Creating a sateen fabric by calendaring, using polished and heated rollers to flatten the surface of yarn. A moire pattern, similar to wood grain, can be created by using two calendaring rollers.
Embellishing surfaces with hand or machine embroidery, needlepoint applique, or quilting.
Treatments applied during the finishing stage that improve the function of textile products may include heat-setting synthetics to maintain dimensional stability, preshrinking and applying durable press finishes to cotton, and aligning warp and weft, using a process called tentering. The finishing phase may include applying antimicrobial treatments, optical bright-eners, flame retarders, moth repellents, and/or silicone water repellents. Fluorocarbon compounds such as Scotch Guard or Teflon are applied for soil and stain resistance. The shine of synthetics can be controlled with delusterants.
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Silk in an interior is used for wallcovering, light-duty upholstery, decorative pillows, and lined drapery. Area rugs are sometimes made from silk. Because of its tendency to rot in sunlight, silk is not appropriate for most window treatments, although a lining can help protect the silk from sunlight. Silk is known for its characteristic shiny luster. Silk fibers are made up of the Cotton Cotton is the most widely used natural fiber, and in an interior, it is used for rugs, wallcovering, upholstery, and many household accessories, including table linens, toweling, and bedding. Cotton is often combined with other fibers such as polyester to take advantage of the properties of both fibers. Cotton has a cool, soft, pleasing hand with a luster that varies from matte to slightly lustrous. Cotton fibers are staple length, ranging from less than 1 inch to 2^ inches long. The cross-sectional shape of cotton looks like a kidney bean with a hollow core called a lumen. Cotton fiber bundles called fibrils are tightly knit and twisted at 30-degree spirals, thus deflecting light rays and producing a matte luster. Cotton is fairly strong, with low to moderate elasticity. It is somewhat abrasion resistant. Cotton has poor resiliency and thus will wrinkle. Cotton’s drapability depends on the construction of the final textile. The hollow cross-section makes cotton fibers absorbent and wickable, meaning that moisture moves quickly along the fiber surface and thus evaporates quickly. Cotton is flammable, and therefore is often treated with flame-retardant chemicals. Cotton is somewhat resistant to sunlight. When a flame approaches, cotton will react in the following ways:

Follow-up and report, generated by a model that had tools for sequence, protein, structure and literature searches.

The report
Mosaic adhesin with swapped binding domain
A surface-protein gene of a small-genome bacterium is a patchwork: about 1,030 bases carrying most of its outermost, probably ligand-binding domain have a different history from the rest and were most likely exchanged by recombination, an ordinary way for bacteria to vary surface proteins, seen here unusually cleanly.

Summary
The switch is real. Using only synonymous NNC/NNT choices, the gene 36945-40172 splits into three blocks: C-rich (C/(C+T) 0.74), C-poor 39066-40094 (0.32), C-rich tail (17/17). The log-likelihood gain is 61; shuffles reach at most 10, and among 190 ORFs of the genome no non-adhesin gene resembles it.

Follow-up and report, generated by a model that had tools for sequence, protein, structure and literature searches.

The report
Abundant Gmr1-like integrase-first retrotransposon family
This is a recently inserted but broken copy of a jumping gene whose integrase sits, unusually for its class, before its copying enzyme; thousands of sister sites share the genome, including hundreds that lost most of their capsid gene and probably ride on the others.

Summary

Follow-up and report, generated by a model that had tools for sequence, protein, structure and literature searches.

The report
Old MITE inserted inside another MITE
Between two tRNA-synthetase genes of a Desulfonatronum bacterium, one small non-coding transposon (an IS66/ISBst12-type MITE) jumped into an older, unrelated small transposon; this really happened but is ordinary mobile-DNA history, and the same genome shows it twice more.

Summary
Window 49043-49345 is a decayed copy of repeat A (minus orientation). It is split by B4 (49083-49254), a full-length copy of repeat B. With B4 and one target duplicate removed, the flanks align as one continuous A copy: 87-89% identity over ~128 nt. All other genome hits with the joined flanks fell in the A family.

Linen is sometimes referred to as flax fiber to distinguish it from linens, referring to household textiles such as sheets, towels, tablecloths, and napkins, all originally made from linen. Linen is used for upholstery, drapery, and household textiles. Linen toweling is very absorbent, but it is too rough for bath towels. Linen has a matte luster, but is more lustrous than cotton. It is cool to the touch and has a smooth appearance.
Linen fibers are long, with highly oriented polymer chains, and an irregular many-sided cross-section with a hollow core. Linen is strong but brittle; it is stiff, does not drape well, and the fibers break easily. Linen’s abrasion resistance is low, but not as low as that of wool and silk. Linen has poor resiliency, so it has a tendency to wrinkle. It has high wickability and is quick-drying. Because it is smooth, linen does not attract lint. Linen is comfortable because it does not conduct heat and there is no static buildup. Linen is characterized by two fiber lengths. Tow fiber is less than 1 foot long, resulting in dull luster and low abrasion resistance. Line fiber is from 1 to 2 feet long and is more durable and smooth. Sunlight does not rot linen, which makes it a good choice for drapery in spite of its stiffness.